If you’ve ever wanted to use your favorite mechanical gaming keyboard on an old PC, you probably failed to find a compatible port—trust us, we checked. It’s not there. Thankfully, DekuNukem has created a Raspberry Pi-powered active protocol converter that enables users to connect modern USB peripherals to vintage computers known as the USB4VC.
DekuNukem is an embedded systems engineer with a history of open source projects under their belt, many of which can be found on their GitHub profile. Although the USB4VC project is also open-source, it’s also undergoing a fundraiser through Kickstarter for users who want to purchase a completed board.
To get an idea of what sort of connections this board can bridge, DekuNukem confirmed the first USB4VC edition releasing next month will work with serial, ADB, PS/2, and even 15-pin game ports. Users can attach a variety of USB input devices including console controllers, keyboards and gaming mice.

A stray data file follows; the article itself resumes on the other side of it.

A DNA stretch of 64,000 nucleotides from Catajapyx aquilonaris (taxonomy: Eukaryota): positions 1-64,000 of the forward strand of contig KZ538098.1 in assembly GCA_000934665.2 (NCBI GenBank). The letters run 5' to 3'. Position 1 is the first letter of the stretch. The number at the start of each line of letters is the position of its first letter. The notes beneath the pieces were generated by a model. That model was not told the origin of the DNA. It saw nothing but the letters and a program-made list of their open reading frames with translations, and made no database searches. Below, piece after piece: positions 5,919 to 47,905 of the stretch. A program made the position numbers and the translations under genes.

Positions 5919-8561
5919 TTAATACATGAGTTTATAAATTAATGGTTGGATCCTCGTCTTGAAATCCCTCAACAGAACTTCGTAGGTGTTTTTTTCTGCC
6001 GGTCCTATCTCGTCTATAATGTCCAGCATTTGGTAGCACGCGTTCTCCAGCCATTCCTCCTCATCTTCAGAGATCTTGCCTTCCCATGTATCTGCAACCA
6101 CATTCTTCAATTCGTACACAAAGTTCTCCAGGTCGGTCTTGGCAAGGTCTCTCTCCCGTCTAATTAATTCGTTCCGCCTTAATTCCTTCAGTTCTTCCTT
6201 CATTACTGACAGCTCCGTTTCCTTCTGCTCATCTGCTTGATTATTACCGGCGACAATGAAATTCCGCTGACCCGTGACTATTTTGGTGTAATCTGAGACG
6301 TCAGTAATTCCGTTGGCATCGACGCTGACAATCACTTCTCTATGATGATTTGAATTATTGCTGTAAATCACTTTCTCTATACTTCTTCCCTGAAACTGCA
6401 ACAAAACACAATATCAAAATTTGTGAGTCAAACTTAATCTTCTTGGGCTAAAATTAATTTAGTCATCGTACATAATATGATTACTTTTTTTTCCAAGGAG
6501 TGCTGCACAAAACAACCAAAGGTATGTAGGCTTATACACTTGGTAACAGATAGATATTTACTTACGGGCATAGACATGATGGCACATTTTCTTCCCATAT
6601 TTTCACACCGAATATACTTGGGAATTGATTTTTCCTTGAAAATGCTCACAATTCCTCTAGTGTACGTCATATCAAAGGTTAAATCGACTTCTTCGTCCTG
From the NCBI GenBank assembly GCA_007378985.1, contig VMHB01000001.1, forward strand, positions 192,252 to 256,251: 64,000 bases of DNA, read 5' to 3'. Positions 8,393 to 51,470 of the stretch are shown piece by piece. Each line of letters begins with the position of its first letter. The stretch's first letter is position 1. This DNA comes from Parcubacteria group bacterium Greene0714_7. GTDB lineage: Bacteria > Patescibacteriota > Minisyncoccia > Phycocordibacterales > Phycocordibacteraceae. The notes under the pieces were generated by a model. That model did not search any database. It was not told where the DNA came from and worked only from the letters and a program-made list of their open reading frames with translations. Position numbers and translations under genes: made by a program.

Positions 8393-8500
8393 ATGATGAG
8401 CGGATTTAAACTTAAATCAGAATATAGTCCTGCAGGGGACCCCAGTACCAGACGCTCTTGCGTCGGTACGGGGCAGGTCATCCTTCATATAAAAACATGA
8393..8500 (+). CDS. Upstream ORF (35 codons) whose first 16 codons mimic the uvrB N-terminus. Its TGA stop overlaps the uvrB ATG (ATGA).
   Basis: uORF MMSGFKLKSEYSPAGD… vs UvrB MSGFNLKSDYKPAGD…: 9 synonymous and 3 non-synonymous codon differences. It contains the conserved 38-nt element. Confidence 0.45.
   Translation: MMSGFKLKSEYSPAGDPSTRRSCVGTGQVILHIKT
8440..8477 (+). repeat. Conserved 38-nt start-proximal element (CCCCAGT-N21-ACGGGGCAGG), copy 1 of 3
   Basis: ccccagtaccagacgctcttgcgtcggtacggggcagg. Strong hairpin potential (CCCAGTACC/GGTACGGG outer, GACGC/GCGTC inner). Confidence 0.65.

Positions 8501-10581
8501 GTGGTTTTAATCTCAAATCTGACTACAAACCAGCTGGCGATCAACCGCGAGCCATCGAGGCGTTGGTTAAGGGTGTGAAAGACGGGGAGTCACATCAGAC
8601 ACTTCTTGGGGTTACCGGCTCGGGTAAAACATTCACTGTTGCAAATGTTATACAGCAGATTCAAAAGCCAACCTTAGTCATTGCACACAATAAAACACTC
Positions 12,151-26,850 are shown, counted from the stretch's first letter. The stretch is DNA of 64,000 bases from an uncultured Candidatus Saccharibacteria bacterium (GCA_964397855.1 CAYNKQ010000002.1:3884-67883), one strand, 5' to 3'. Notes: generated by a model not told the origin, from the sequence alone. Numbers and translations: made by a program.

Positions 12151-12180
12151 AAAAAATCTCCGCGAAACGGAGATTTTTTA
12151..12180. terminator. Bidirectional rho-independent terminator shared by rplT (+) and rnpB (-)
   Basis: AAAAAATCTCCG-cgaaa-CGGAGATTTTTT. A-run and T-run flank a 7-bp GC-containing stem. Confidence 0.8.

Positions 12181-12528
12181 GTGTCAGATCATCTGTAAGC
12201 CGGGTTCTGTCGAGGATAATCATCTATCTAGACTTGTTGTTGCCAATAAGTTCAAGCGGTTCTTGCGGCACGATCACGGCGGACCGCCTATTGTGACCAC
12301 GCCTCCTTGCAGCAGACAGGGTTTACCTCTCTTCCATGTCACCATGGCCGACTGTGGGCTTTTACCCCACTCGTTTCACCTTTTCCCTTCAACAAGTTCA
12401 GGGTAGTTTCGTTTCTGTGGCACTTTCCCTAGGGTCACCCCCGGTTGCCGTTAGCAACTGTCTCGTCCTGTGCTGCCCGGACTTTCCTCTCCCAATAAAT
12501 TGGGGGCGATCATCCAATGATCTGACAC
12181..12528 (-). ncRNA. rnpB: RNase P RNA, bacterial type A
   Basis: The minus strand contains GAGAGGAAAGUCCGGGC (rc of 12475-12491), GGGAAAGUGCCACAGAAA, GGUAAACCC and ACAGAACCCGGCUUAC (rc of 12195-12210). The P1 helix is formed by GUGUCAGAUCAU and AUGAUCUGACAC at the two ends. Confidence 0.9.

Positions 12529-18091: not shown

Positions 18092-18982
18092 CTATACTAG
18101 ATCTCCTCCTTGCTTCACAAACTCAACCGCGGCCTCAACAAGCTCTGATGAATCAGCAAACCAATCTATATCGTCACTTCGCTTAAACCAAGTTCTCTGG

The baseboard requires a Raspberry Pi to function but it doesn’t have to be the latest release—DekuNukem insisted a first edition Raspberry Pi 1 would suffice just as well as a Pi 4. This could be the ideal project for that Raspberry Pi Zero that you have lurking on your desk. The board has an OLED screen, wireless support, Bluetooth support and is powered via USB-C. When testing the USB4VC, DekuNukem measured a latency response of just 0.5ms.
Users must attach a compatible protocol card to work with specific PCs. There will be two protocol cards available when the project launches in March that offer support for IBM PCs and the Apple Desktop Bus (ADB). After the initial launch, more protocol cards will be made available for additional machines that have yet to be specified.
As this is in open source project, users are invited to explore the project in depth as much as they’d like. Check out the official GitHub page for the USB4VC to dig into the source code. If you’d like to support the project and order a pre-made board, visit the official USB4VC Kickstarter page.
We admire the creativity of the maker community and always appreciate the effort taken to extend the life of vintage hardware. If this project was up your alley, be sure to explore our list of best Raspberry Pi projects for more cool creations and maybe even make one yourself.
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Ash Hill is a Freelance News and Features Writer at Tom's Hardware US. She manages the Pi projects of the month and much of our daily Raspberry Pi reporting.